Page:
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Something crucial was missing from the first-ever global inventory of tax breaks for oil companies and other fossil-fuel subsidies when the Organization for Economic Cooperation and Development released it last fall. The report detailed all the subtle and not-so-subtle supports for production and consumption of oil, coal, and natural gas in 24 nations, including the world’s most advanced economies—all the OECD countries where data was available. And yet, OECD never totaled the numbers.

“Caution is required in interpreting the support amounts and in aggregating them,” the OECD warned. At the same time, the International Energy Agency (IEA) released its latest analysis on nations with the largest fossil-fuel subsidies, including some of the major energy exporters. The same worries apparently did not apply to the latter group, as IEA named names, added numbers, and ranked countries, with Iran topping the list with $80 billion in 2010 subsidies.

Even though the two lists are indeed quite different, as are the methodologies behind them, we added up the available figures in the OECD inventory and displayed and detailed both sets of countries for readers to explore here:

Interactive map: Fossil-Fuel Burden on State Coffers

Since the IEA was addressing primarily “consumption” subsidies, government supports that make the price of gasoline and other fuels artificially cheap for citizens, the calculations were relatively straightforward and consistent from country to country. IEA just subtracted the difference, or “gap,” between the price consumers paid in each high-subsidy country and the actual price on the world market. That gap expands or contracts depending on global oil prices, the size of the discount citizens enjoy, and the size of a nation’s population.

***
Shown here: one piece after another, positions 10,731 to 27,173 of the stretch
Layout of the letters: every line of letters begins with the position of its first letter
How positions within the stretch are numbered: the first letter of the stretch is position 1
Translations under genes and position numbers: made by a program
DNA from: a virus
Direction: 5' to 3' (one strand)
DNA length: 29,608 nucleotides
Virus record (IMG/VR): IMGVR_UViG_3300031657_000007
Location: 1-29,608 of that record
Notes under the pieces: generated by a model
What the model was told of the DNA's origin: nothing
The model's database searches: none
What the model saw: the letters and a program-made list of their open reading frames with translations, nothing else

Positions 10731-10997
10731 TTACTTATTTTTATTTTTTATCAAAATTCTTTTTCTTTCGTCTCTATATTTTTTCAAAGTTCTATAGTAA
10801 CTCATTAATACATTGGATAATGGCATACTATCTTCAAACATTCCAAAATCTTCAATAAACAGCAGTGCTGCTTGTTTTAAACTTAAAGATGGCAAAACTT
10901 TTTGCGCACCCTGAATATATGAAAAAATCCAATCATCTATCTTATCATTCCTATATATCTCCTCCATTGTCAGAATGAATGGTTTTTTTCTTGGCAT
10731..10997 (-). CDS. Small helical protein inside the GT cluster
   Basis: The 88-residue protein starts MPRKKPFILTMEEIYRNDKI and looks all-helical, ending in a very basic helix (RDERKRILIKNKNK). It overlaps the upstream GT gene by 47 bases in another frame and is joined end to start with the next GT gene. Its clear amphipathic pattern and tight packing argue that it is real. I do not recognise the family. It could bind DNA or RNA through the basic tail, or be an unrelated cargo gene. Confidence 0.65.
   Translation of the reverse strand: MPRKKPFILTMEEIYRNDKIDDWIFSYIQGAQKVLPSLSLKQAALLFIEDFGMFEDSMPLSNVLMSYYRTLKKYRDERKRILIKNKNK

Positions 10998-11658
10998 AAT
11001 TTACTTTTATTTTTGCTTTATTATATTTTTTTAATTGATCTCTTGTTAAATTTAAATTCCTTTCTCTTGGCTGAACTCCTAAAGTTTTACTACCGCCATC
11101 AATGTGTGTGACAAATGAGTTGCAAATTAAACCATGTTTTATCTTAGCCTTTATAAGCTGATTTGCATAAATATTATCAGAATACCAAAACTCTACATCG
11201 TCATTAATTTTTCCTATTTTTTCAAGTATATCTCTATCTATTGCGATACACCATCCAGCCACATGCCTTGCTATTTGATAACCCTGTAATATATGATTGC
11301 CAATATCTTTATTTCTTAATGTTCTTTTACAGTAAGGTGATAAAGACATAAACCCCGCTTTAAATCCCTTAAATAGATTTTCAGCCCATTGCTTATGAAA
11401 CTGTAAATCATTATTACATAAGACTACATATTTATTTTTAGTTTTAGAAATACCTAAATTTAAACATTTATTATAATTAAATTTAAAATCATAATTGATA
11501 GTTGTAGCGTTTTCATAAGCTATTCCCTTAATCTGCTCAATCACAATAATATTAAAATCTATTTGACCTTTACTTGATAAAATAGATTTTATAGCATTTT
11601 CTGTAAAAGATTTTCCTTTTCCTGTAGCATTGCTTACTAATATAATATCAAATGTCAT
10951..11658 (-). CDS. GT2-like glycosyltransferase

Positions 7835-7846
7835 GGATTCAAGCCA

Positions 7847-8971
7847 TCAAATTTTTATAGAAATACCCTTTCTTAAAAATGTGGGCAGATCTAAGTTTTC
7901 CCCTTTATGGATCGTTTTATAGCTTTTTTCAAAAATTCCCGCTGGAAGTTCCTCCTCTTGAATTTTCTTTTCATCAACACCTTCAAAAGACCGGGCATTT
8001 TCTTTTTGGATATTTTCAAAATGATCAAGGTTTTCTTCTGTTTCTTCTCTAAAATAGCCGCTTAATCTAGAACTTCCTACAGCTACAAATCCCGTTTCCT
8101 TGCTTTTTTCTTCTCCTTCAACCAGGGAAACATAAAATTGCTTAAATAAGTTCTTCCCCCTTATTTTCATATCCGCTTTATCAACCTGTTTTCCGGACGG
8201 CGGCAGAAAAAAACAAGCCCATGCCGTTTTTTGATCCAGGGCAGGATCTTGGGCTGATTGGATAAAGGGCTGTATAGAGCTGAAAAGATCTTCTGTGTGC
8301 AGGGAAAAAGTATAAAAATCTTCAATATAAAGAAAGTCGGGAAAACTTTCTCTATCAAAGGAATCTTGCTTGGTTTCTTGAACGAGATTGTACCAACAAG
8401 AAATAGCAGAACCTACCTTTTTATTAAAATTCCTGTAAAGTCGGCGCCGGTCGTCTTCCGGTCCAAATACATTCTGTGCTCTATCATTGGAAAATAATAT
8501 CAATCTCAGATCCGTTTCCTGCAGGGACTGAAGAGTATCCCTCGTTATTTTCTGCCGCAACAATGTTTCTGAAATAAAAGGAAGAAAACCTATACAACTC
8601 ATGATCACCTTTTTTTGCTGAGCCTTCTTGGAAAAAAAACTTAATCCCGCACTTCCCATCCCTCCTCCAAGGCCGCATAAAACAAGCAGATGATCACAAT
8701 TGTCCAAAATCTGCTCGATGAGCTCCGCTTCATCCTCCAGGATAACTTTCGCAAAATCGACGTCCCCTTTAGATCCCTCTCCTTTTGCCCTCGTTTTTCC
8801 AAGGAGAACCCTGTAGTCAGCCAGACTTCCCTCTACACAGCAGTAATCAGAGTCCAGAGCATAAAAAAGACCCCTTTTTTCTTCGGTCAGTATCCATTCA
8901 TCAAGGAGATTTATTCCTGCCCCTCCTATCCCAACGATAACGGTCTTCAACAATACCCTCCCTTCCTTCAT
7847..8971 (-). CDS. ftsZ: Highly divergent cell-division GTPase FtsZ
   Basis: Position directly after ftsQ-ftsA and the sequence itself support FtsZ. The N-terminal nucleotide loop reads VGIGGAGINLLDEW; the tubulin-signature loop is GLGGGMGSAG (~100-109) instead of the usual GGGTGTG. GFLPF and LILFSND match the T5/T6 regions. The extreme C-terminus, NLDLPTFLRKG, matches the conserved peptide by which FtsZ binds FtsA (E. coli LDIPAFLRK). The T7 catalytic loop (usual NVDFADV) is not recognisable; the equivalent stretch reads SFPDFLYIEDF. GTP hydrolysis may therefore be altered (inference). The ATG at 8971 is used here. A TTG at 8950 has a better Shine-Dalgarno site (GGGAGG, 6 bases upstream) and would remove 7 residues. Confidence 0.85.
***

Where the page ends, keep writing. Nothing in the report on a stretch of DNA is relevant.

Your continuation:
Fossil-fuel subsidies are much more complex in countries with more advanced and diverse economies than in the oil-reliant states. They involve complicated tax breaks, like the methods oil companies can use to deduct their exploration and production costs. Research and development investments in fossil fuels are counted, as are targeted programs to aid consumers in buying fossil fuel.  Australia, for example, spent $5 billion on fuel tax credits in 2010 that went primarily to businesses operating heavy trucks, as long as they meet certain environmental criteria. In the United States, low-income home energy assistance, which totaled $2.9 billion in 2010, is counted by OECD as a fossil subsidy, since it goes primarily to natural gas utilities to pay winter heating bills.

There can be debate about the merit or value of these subsidies. And, indeed, as OECD points out, tax breaks are quite different country to country, and must be viewed as relative to the overall tax burden in a particular country. But first, people need to gain an understanding of what fossil-fuel subsidies are, why they pose a hazard for both economies and the environment, and at a most basic level: What is the size of the problem?

With fossil-fuel subsidies high on the agenda at Rio+20, the United Nations Conference on Sustainable Development in Rio de Janeiro, environmentalists around the world plan demonstrations and a “twitterstorm” today, using the hash tag #endfossilfuelsubsidies to raise awareness. We decided to do our part to aid in understanding, by adding up the numbers that are available now—with all their limitations. Also, in this photo gallery, we take a closer look at the nations with the largest subsidies and their reform efforts:

Pictures: Eleven Nations With Large Fossil-Fuel Subsidies

Better data, more comparable data, and more transparency is needed so that populations around the world can better understand why fossil-fuel subsidies ratchet up energy waste and carbon emissions, and so often fail in helping the poor.

Image Credit: Irena Misevic/Shutterstock